Eritrean troops 'committed war crimes' in Ethiopia after peace deal: Amnesty

Eritrean troops supported Ethiopian federal forces in the brutal two-year war in Tigray (Aude GENET)
Eritrean troops supported Ethiopian federal forces in the brutal two-year war in Tigray (Aude GENET)

Eritrean troops allied with Ethiopia's government "committed war crimes and possible crimes against humanity" in Tigray, raping, enslaving and executing civilians for months after the signing of a peace agreement, Amnesty International said Tuesday.

Dubbed the "North Korea" of Africa, Eritrea was sanctioned by the United States in 2021 after sending troops into Tigray in support of Ethiopia's federal forces, with its soldiers accused of murder, rape and looting during the two-year war.

The deal inked in November 2022 between Ethiopia's government and Tigrayan rebels called for the withdrawal of foreign forces from the region.

But Eritrea was not a party to the agreement and its troops continue to be present in border areas, according to residents.

Amnesty interviewed 49 people in May and June in the border districts of Mariam Shewito and Kokob Tsibah, corroborating their testimonies with satellite imagery as well as the accounts of social workers, medical experts and government officials.

"Despite the signing of the Cessation of Hostilities Agreement, atrocities against civilians in Tigray continued with Eritrean soldiers subjecting women to horrific abuse including rape, gang rape and sexual enslavement, while civilian men were extrajudicially executed," said Tigere Chagutah, Amnesty's East and Southern Africa director.

"The serious violations documented in this report amount to war crimes and possibly crimes against humanity," the rights watchdog said.

Some women were raped inside an Eritrean military camp while others were attacked and kept prisoner in their own homes.

A single mother of three told Amnesty she was repeatedly raped for three months and held in a military camp with 14 other women.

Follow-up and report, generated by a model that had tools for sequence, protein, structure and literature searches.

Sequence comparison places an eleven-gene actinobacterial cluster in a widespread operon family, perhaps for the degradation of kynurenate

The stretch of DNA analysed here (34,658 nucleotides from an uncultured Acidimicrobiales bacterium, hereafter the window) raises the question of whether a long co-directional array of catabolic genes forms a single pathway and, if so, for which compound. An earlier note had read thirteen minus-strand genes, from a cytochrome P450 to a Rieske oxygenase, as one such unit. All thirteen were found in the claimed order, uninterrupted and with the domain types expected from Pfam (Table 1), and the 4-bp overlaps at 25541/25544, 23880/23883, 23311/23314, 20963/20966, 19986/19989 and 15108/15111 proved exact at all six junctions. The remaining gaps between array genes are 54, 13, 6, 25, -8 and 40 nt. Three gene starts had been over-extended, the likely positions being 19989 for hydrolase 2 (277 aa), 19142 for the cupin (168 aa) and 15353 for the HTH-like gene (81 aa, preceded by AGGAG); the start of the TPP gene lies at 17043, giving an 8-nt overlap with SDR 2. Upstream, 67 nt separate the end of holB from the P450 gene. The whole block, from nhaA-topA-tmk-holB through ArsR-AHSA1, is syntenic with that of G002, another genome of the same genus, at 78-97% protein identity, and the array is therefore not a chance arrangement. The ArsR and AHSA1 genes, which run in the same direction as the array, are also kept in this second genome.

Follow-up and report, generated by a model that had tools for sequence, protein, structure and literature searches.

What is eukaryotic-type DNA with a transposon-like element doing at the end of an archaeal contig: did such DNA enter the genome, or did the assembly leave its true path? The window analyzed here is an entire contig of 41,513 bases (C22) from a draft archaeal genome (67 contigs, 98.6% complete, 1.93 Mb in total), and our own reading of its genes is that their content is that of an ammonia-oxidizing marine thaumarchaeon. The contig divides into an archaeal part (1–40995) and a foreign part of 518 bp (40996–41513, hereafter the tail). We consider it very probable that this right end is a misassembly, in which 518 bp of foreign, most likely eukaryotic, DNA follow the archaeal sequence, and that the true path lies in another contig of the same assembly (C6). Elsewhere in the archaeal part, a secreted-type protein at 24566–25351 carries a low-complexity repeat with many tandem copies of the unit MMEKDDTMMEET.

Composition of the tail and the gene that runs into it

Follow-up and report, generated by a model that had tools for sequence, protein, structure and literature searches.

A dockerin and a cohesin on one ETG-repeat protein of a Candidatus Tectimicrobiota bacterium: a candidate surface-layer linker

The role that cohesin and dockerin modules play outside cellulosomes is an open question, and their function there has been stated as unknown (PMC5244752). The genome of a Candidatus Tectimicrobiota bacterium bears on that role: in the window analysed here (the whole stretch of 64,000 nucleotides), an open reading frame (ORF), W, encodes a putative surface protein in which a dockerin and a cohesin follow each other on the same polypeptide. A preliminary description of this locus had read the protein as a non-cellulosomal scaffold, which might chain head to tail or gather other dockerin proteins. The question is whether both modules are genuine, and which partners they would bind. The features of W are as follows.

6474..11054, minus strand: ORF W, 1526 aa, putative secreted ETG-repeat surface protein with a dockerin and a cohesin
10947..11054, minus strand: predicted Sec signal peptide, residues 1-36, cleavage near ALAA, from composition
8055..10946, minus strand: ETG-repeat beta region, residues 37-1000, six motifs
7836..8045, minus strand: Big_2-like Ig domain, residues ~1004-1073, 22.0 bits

"They kept taking turns raping me," she said, adding that the soldiers also deprived their victims of food and water.

Another woman, aged 37, said she was beaten and raped for nearly three months by soldiers inside her own home.

"They told me, 'Whether you shout or not, no one is going to come and rescue you.' And then they raped me."

- 'Executing civilians' -

Amnesty also documented the execution of 24 civilians, including one woman, between November 2022 and January 2023, citing interviews with survivors, eyewitnesses, victims' families and local officials.

The Eritrean and Ethiopian authorities did not respond to Amnesty's preliminary findings, the rights group said, urging both governments to investigate the allegations.

Amnesty called on the UN's Human Rights Council to renew the mandate of the International Commission of Human Rights Experts on Ethiopia next week.

In its first report published last September the commission said it had found evidence of widespread violations by all sides and accused Ethiopia and Eritrea of possible war crimes and crimes against humanity.

Amnesty also urged the African Union's rights commission to "rescind its decision" to scrap an investigation into atrocities in Tigray without publishing a report on its findings or recommendations.

Ethiopia has repeatedly rejected international efforts to investigate abuses connected with the war in Tigray and warned that any probes could undermine the progress of the AU-brokered peace agreement.

During a rare press conference in Kenya earlier this year, Eritrean President Isaias Afwerki dismissed accusations of rights abuses by Eritrean troops in Tigray as "fantasy".

Despite the peace deal, media access to Tigray remains restricted and it is impossible to independently verify the situation on the ground.